Evening Prayer 31st January 2021
Haggai 2:1-9 and John 2:18-22
Haggai 2:1-9 and John 2:18-22
You will probably not have realised this, as it is obscured by the translation, but the word used for “Temple” in this evening’s readings shifts, as does its meaning at different times and for to different people. I want to explore these meanings and how they change and what they might mean for us, who don’t apparently, have a temple.
For Haggai, who uses the word “house” meaning the temple, the Temple is where God lives. David and Solomon are cajoled into building the first temple because the rich and powerful in the new capital, Jerusalem, had built palaces for themselves but built no home for God. Haggai similarly almost taunts his contemporaries, who have just returned from the captivity in Babylon, but for him, the rebuilding of a house for God is a restoration of Israel’s former glory under David and Solomon. As the earlier temple was constructed with the precious materials brought from afar, so God will shake the nations, to make them drop their valuable fruit or the contents of their pockets, to make a splendid home for the God of Israel. It’s a nationalistic enterprise, to put Israel back on the map.
For the Jews of Jesus’ day, the Temple, which John starts by calling the hieron, or holy place, has perhaps less international ambition, but is clearly the focus of the Jewish nation, a centre at which they would gather from the diaspora- think of all those unpronounceable regions listed at the day of Pentecost. As for Haggai, Herod’s restored and expanded Temple, magnificent in its architecture and furnishings, was also symbolic of a restored Golden Age, the fruition of the Promised Land which under Solomon achieved territorial integrity and respect from its powerful neighbours. That integrity and that respect, were of course somewhat compromised by the Roman occupation, but the Temple and Temple worship kept the flame of nationalism alive.
Politics and religion can perhaps never be fully distinguished but one can say of 1st Century Judea that in addition to its more political aspect, the Temple was also the focus, indeed the essential and unique location for a religion based on sacrificial worship. It was the symbol of the old covenant; a house was built for God who would look after his people provided they worshipped him, and worship meant both prayer and sacrifice in his Temple. Judaism was already moving away from the emphasis on sacrifice, as it had developed in Babylon where there was no temple and therefore no sacrifice was possible, but for the religiously conservative and the priestly families, the temple was the essential feature of Judaism.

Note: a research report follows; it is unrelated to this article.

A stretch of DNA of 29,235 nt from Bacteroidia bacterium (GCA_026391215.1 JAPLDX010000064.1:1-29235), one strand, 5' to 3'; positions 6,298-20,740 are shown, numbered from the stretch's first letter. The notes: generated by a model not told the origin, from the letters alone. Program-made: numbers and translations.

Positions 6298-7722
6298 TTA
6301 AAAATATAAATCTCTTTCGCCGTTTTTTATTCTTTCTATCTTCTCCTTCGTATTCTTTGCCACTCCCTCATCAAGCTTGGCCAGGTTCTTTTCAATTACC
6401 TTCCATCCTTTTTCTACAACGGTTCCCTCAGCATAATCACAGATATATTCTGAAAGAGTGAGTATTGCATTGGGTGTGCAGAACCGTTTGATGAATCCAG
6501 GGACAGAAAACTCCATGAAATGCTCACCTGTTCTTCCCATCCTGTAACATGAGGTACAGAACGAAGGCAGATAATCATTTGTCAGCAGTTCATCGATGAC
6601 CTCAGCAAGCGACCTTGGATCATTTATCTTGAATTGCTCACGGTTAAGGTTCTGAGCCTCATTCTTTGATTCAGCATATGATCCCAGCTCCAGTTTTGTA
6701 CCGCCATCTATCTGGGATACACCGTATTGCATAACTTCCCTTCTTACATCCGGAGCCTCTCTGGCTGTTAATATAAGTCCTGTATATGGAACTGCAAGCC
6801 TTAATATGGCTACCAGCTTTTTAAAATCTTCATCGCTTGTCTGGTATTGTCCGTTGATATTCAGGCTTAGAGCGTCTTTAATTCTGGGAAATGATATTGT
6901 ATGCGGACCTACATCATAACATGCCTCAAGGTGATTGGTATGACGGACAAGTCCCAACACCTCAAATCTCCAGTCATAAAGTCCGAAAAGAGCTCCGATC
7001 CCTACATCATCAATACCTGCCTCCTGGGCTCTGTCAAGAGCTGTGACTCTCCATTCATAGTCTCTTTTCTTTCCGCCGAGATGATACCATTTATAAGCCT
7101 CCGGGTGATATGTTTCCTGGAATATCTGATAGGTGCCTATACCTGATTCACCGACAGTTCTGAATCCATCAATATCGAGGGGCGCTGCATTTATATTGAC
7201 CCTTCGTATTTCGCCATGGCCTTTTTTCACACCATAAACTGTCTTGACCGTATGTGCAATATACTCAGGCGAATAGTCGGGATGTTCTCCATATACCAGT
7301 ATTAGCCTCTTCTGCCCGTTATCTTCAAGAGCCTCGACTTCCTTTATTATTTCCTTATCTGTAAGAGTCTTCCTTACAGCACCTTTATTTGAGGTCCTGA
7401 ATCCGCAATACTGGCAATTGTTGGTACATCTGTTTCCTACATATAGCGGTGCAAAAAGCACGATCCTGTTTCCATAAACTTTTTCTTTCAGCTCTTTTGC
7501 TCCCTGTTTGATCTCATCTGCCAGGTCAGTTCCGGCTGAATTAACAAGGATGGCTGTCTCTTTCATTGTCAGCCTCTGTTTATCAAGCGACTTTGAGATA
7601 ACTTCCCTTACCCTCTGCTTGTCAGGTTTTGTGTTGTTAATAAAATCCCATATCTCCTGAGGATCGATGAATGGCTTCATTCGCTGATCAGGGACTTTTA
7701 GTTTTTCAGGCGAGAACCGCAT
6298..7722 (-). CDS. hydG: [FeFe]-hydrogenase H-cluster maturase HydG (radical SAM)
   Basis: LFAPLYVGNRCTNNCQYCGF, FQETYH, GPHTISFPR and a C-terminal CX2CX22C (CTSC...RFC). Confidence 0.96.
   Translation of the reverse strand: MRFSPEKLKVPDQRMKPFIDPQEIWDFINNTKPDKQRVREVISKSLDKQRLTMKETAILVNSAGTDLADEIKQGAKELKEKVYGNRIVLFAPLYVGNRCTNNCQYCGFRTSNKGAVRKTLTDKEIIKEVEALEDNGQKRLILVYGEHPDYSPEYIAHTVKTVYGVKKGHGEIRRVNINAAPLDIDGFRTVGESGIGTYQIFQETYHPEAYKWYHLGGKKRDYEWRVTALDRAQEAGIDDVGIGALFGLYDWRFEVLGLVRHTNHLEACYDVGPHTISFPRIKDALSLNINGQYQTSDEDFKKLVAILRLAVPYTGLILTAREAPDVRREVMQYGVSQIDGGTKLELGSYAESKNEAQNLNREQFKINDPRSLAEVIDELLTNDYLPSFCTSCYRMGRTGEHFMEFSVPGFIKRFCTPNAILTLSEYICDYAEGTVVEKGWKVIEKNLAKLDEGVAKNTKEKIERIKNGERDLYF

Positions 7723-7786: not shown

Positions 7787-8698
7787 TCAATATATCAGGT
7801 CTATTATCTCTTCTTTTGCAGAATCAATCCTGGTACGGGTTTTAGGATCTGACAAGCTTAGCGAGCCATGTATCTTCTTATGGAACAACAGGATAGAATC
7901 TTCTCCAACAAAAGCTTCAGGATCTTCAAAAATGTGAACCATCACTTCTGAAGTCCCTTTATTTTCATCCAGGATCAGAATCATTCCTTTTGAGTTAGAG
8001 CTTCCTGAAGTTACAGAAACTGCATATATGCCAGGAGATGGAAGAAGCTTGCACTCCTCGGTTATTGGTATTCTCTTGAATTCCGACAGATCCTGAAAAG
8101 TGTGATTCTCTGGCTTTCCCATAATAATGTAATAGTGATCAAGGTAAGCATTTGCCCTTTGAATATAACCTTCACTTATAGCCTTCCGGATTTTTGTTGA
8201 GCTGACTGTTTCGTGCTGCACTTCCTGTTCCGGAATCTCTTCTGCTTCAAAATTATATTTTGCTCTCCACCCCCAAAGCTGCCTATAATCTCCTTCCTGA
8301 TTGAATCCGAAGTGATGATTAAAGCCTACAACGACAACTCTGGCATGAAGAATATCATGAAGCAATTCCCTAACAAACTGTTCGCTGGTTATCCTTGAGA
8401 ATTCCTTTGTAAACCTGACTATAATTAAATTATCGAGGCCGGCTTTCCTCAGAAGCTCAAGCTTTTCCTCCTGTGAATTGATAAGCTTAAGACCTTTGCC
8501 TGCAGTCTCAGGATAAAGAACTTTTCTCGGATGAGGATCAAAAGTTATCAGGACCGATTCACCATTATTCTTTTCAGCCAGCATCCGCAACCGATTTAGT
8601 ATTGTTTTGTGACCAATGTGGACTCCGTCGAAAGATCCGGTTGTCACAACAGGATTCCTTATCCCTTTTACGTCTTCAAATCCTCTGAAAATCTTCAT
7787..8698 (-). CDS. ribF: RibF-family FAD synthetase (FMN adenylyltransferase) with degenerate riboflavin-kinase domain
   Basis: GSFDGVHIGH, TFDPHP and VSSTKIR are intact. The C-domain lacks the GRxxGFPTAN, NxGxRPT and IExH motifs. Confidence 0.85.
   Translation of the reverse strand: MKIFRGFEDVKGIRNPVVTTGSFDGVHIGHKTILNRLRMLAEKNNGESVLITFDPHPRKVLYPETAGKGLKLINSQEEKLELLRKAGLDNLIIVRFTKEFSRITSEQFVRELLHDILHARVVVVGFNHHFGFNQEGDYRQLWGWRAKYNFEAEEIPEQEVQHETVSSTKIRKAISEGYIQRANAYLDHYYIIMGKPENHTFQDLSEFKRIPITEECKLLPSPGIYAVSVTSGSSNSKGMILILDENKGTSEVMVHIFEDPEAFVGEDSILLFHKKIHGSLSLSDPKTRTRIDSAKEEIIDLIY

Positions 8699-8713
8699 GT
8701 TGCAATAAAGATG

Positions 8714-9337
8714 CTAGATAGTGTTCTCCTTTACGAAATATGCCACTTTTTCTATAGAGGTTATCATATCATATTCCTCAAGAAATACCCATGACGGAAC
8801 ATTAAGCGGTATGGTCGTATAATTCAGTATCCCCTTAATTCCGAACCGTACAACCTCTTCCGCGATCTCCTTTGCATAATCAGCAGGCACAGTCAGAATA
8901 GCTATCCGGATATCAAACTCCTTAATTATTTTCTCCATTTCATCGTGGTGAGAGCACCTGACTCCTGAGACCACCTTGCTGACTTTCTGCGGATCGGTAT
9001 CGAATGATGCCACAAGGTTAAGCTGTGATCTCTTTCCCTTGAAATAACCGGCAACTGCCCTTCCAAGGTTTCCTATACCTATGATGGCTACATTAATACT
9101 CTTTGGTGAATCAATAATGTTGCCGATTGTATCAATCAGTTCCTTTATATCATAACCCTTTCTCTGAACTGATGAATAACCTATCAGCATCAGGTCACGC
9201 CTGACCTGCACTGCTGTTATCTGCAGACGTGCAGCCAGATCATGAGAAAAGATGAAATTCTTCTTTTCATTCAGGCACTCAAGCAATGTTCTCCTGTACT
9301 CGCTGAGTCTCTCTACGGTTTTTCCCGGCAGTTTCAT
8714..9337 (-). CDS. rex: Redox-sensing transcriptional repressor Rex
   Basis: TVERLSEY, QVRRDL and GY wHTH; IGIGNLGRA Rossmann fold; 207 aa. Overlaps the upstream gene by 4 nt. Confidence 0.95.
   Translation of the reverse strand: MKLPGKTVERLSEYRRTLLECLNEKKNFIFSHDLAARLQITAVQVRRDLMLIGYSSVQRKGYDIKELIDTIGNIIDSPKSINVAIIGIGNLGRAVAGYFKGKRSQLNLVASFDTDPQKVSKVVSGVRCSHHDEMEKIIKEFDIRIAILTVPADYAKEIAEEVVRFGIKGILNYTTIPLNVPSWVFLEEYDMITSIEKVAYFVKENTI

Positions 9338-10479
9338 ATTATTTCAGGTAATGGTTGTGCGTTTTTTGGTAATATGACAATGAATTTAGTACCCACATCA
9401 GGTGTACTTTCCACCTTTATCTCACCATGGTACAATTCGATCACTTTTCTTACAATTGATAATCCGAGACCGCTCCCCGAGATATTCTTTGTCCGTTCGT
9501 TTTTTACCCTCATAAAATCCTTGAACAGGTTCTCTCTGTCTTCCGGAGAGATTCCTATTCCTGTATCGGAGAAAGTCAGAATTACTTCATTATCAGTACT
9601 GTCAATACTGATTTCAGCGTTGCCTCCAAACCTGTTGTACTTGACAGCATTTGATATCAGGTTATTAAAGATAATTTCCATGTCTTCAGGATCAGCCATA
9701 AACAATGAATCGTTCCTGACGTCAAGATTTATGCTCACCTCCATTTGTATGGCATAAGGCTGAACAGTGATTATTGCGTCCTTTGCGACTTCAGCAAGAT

We can understand then, the shock and offence that Jesus would give by talking of the destruction of the temple; it was not just absurd in physical terms- it would take a great deal longer than three days to demolish Herod’s temple, let alone rebuild it, but it was also attacking the unifying symbol of Jewish nationality and the vital location for its relations with its God. No wonder that asked for a sign, some divine explanation and reason for such a radically destructive suggestion.
The Gospel is indeed an apparently revolutionary message; it is indeed saying that God is the God of all people, and that his relations with his people are governed by grace not contract; the sacrifice he requires is not a matter of substituting animals for humans, but simply the alignment human will with the divine.
The word that Jesus uses for temple in the latter part of this short passage from John, is naos; the naos was the centre of a temple, where in a Greek or Roman Temple, the cult statue would be found; in the temple of Jerusalem, it was the Holy of Holies, where God’s presence was most keenly felt. Not, perhaps, so much a home for God, as where his presence could be experienced. Jesus’
claim is therefore that his risen body will be where God resides and can be recognised and begin to be understood. In his physical life Jesus claims to be the Son of God, claims that is that his actions and his teaching, show us and tell us what God is like (and what God wants us to do). That residence or abiding is, however, somehow perfected by the resurrection which I believe, shows us our own potential. We were made in God’s image, but through the resurrection our lives are given a deeper dimension, one that transcends the earthly physicality and temporality of our existence. We are not just made in God’s image, but he abides in us. We become God’s body and his instruments and agents in this world. We are all temples now; we are where God lives and where he interacts with his creation.
The disciples come to this realisation after the resurrection, and they don’t see it as something entirely new, rather they “believed the scripture and the word that Jesus had spoken.” What they witness, and what we witness, is the fulfilment of the Old Testament prophesies and of Jesus’ own words. The temple that was the focus and culmination of Israel’s destiny as a nation and religion, has become in Jesus’ resurrected body, the perfection, inspiration and divine empowerment of all people. Amen.Print This Page